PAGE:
Catfight

Review by Matthew Eng

Directed by

Onur Tukel

Starring

Alicia Silverstone Anne Heche Sandra Oh

Anticipation.

Two great actors and a ballsy comedic premise? We’re in.

Enjoyment.

Even when the humour doesn’t pay off, Heche and Oh are never less than captivating.

In Retrospect.

Tukel’s farce could certainly hit harder. But with performances this committed, that hardly matters.

Anne Heche and Sandra Oh get aggressive in Onur Tukel’s scathing new comedy.

It’s a sad and often-repeated truth that there just aren’t that many great film roles for actresses of a certain age. But here’s another, admittedly much stranger truth: not every week brings the opening of a raucous indie comedy in which two wonderful and woefully-underrated actresses over 40 get to pummel each other to (near-)death.

Whatever its shortcomings, writer/director Onur Tukel’s gleefully unhinged Catfight earns and maintains our respect for providing Anne Heche and Sandra Oh with the meatiest roles either has been handed in years. Oh is Veronica, a snobbish, upwardly-mobile bourgeoise who likes to steamroll her sensitive son’s artistic dreams and guzzle her Cabernet, much to the chagrin of her war profiteer husband. Heche is Ashley, a struggling, self-important painter whose graphically violent illustrations repel any potential buyers, much to the chagrin of her caterer partner (Alicia Silverstone). Ashley and Veronica were once pals in college, until the latter decided to split for suspiciously ambiguous reasons.

When their paths randomly merge at a party for the boss of Veronica’s husband, each woman, now in middle age and long-estranged, is filled with anger and ready to lash out at the other. What follows is a savage brawl that leaves Veronica in a coma. She wakes up two years later, penniless, alone and suffering from memory loss. Ashley, meanwhile, is newly-pregnant and a rising star among the New York culturati, thanks to a recent spate of provocative, anti-war paintings. She has risen dramatically in class but won’t reside there for long, at least not once Veronica gets ahold of her.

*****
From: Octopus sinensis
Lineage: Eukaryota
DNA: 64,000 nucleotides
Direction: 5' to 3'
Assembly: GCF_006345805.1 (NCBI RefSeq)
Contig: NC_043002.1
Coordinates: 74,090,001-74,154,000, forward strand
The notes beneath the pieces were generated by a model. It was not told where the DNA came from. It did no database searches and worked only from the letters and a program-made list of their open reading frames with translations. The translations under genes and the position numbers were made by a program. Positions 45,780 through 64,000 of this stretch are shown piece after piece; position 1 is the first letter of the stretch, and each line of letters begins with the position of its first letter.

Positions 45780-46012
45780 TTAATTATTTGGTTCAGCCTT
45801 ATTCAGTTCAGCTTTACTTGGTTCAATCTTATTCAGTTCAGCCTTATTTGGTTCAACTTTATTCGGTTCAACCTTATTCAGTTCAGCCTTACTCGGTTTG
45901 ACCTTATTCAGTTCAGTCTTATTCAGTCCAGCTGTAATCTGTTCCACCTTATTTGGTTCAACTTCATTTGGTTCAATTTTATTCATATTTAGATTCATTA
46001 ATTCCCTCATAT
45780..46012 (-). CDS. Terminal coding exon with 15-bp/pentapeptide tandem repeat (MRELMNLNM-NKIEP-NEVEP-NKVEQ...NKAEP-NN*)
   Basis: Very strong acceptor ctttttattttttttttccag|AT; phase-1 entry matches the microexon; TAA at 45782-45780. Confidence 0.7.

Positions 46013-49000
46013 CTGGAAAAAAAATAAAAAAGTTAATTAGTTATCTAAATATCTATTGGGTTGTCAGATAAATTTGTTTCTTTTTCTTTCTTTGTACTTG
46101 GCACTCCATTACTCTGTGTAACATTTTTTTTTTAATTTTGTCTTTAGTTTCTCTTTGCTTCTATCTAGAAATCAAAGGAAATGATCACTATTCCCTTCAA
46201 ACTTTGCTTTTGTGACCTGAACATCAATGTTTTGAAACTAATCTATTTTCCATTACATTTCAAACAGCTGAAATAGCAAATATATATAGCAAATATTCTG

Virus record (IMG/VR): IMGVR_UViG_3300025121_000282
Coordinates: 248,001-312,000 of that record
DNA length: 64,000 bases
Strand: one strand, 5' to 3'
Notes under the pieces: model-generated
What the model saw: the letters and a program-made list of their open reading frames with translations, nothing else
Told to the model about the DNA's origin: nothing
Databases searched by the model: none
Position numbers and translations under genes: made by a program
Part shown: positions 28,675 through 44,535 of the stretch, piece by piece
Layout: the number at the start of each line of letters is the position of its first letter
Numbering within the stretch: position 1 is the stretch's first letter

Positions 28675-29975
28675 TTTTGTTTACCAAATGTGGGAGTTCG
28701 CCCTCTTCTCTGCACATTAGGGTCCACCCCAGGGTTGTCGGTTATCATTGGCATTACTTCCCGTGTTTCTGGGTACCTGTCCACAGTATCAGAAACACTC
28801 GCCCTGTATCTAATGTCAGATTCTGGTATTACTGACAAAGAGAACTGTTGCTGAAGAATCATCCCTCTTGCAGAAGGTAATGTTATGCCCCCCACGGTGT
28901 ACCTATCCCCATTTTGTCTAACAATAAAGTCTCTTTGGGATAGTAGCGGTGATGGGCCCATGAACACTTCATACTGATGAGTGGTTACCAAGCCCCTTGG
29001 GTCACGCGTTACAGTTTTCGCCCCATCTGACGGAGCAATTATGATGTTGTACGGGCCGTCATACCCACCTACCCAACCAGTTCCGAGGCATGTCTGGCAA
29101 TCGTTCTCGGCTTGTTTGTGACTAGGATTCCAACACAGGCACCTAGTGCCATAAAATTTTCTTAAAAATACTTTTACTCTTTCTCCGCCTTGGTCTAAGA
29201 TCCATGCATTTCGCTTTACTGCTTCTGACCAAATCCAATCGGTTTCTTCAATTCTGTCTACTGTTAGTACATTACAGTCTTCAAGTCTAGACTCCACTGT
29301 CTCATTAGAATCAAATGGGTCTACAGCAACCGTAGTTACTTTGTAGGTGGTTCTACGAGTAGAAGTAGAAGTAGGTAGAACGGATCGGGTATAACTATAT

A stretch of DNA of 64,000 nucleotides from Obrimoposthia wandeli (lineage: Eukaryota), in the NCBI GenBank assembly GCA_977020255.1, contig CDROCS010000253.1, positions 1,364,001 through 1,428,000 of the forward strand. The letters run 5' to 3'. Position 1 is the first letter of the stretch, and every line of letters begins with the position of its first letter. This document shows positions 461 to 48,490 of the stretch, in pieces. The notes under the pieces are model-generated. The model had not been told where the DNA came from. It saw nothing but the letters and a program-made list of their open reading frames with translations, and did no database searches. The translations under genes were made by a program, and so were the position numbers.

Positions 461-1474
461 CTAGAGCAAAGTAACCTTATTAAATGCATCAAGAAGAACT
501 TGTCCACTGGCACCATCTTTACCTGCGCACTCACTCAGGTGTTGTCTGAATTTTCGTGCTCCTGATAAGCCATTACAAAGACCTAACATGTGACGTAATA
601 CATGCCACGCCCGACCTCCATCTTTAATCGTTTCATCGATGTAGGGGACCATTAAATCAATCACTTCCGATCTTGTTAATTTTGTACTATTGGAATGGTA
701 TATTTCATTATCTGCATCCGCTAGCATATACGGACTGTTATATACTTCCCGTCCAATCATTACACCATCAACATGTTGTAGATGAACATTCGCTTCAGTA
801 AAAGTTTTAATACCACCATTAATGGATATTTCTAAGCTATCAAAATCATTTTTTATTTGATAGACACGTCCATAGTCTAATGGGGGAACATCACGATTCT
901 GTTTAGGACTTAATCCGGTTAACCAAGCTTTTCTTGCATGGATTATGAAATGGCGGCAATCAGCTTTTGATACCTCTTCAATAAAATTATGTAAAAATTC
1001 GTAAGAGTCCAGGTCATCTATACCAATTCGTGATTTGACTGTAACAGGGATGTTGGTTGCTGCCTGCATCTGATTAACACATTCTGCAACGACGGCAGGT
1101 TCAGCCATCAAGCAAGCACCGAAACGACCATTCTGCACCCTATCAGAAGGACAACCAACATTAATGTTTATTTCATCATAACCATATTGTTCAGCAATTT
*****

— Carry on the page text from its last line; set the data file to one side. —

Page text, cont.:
Tukel follows this crisscrossing structure throughout Catfight’s three acts, each one punctuated with a show-stopping skirmish of blood-spurting, bone-crunching proportions. Tukel is aided in these endeavours by some creatively amped-up sound design and, especially, the go-for-broke efforts of Heche and Oh, who do plenty of heavy-lifting during some of the film’s lumpier passages. Catfight’s social circles and downtown milieus, brought to life with funky understatement by production designer Estee Braverman, are certainly specific enough.

But the gags are predominantly broad and the cynically-minded commentary, which touches on everything from cultural capitalism and art world smuggery to the current political climate and the fickleness of success, doesn’t run very deep. Tukel has assembled an enviable, rotating gallery of New York’s finest character actors, including Dylan Baker as a hysterically stone-faced doctor and the lovely Myra Lucretia Taylor as Veronica’s kindly maid, but they’re hardly on screen long enough to make an impression beyond their allotted scenes.

It’s up to Heche and Oh, then, to make this story register as something more than just a series of madcap scuffles. And both actresses deliver with two perfectly prickly performances that add more comic dimension and personal variation to the story than what exists on the page. Their emotional alertness, in particular, comes in handy when Tukel decides to take this jazzy film into darker, drearier terrain. Neither Heche nor Oh is afraid to play the sadness of a scene, to shed a tear or underplay an especially mordant comeback at the risk of losing a laugh.

By taking the material so seriously, both actresses ultimately transform this jaunty, vengeful pseudo-satire into something actually sobering – a tragicomedy that, at its best, stings and then aches like a punch in the face.

Published 3 Mar 2017

Anticipation.

Two great actors and a ballsy comedic premise? We’re in.

Enjoyment.

Even when the humour doesn’t pay off, Heche and Oh are never less than captivating.

In Retrospect.

Tukel’s farce could certainly hit harder. But with performances this committed, that hardly matters.

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